Tuberculosis (TB) remains an urgent global health problem and a leading cause of death worldwide with most of the 1.5 million annual deaths being preventable. Much of the adverse outcomes are related to poor treatment adherence resulting in prolonged infectivity, morbidity and economic hardship, and the growing drug resistant TB. To improve adherence, directly observed therapy (DOT) has been a long standing recommended strategy. However, because DOT is labor intensive, transportation dependent, and often inconvenient to patients it continues to be challenging to implement universally and new supportive treatment supervision strategies are needed. Mobile health technologies, including apps, with increased sophistication capable of accommodating multiple tools (e.g., automated reminders, symptom tracking), among others, hold great promise to provide supportive treatment supervision, heighten patient involvement in their own care and improve monitoring, communication, and individual tailoring. To date, few TB related apps have directly targeted patients and none included functions to support patient engagement in self-management of their care . The proposed research will use rapid iterative methodology to convert and expand TextTB to include innovative adherence monitoring into a mobile optimized app, refine and enhance with end-users and stakeholders and assess feasibility, usability and initial efficacy in a setting with historically low treatment success rates where treatment delivery is commonly by self-administration. The training and research builds upon pre- and post-doctoral work where the candidate led a team of patients in active TB treatment and TB experts to develop TextTB, a text messaging-based intervention. This intervention aimed to support patients receiving TB treatment by self-administration and healthcare teams to more quickly respond to patients with non- or problematic adherence. Although successful as a pilot, needed improvements were identified, such as increasing automation of alerts, expanding educational messages, incorporating visualization of treatment course, and improving patient tailoring. Responsive design apps could address these issues. The candidate's long-term career goal is to become an independent researcher and lead in the development of cutting-edge interventions, suitable for the emerging economies of the world, that facilitate self-management of health and prevent disease. The career development plan integrates didactic coursework with practical mentored research experience to achieve the following training goals: 1) obtain advanced training in health informatics, 2) develop expertise in iterative development of patient-centered technologies, 3) achieve capacity to effectively conduct clinical trials to design and evaluate information technology to improve patient outcomes, and 4) obtain proficiency with scientific writing and grantsmanship. The candidate has developed a clear research trajectory for patient-oriented intervention research, which meets NINR's programmatic priorities to promote self-management, to promote health and prevent disease, and to advance nursing science to improve the health and well-being of the world's citizens.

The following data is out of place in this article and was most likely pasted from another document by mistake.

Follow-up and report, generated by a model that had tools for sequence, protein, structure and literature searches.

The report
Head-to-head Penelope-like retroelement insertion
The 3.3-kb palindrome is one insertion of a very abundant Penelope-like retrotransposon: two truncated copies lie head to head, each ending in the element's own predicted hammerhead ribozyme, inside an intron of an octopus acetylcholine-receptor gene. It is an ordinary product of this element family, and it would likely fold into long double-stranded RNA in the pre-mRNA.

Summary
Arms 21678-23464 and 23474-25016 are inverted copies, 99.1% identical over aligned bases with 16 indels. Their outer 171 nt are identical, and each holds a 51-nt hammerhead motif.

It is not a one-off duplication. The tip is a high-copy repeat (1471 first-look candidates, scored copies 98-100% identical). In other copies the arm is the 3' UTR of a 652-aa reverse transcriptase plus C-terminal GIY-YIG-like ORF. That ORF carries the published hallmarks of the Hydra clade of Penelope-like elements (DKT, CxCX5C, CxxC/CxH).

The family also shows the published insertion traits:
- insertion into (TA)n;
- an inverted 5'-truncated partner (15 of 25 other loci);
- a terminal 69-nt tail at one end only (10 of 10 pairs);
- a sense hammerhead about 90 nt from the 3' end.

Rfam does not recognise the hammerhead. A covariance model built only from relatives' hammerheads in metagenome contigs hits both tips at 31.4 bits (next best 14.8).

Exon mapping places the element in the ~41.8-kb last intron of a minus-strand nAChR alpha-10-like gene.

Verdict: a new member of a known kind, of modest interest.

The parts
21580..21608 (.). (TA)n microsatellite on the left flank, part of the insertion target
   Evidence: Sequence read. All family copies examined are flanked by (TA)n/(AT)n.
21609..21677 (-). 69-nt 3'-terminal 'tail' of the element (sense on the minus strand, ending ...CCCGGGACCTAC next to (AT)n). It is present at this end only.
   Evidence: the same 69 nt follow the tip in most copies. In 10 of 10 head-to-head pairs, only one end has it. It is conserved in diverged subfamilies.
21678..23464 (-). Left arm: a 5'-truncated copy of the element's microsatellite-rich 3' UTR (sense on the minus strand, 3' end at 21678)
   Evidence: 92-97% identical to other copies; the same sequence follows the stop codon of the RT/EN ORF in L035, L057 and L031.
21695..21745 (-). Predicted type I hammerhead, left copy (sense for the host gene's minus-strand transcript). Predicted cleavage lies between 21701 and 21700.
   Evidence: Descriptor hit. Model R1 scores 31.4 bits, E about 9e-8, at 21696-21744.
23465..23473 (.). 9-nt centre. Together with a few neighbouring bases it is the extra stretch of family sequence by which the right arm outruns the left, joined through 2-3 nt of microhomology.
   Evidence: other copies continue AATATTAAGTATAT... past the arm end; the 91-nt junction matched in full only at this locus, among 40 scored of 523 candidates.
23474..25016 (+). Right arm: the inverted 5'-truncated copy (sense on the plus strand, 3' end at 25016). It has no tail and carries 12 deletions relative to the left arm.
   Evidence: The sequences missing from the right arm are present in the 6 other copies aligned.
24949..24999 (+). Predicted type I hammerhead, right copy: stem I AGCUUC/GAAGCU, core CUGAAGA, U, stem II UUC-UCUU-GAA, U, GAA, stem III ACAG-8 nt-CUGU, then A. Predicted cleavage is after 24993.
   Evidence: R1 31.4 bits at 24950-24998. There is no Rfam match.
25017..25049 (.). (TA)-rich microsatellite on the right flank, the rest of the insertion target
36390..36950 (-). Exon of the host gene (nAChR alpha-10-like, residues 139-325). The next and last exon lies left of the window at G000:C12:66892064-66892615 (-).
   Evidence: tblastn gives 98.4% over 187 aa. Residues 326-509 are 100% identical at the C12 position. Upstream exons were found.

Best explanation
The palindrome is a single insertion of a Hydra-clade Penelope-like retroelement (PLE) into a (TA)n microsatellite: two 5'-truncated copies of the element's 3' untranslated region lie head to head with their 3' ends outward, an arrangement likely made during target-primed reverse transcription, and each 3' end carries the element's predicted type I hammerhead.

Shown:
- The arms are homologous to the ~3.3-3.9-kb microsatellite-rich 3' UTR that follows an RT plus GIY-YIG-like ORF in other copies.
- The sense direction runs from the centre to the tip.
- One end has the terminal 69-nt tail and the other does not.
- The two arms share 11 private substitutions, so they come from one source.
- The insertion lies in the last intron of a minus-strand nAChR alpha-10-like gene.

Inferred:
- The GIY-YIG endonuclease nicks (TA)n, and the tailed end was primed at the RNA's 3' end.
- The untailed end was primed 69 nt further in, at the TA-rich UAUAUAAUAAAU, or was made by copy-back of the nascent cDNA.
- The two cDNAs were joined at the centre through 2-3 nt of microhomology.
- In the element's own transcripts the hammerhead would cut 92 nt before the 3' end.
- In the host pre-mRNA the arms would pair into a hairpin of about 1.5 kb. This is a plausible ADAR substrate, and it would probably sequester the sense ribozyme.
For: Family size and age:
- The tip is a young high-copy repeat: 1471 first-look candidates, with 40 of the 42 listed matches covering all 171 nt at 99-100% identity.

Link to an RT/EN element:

Increasing adherence to tuberculosis treatment is a global public health priority and new supportive supervision strategies are needed. Mobile health technologies to provide supportive treatment supervision, such as innovative adherence monitoring along with a behavioral intervention to heighten patient involvement in their own care, improve monitoring, communication, and individual tailoring in this effort could have significant impact.
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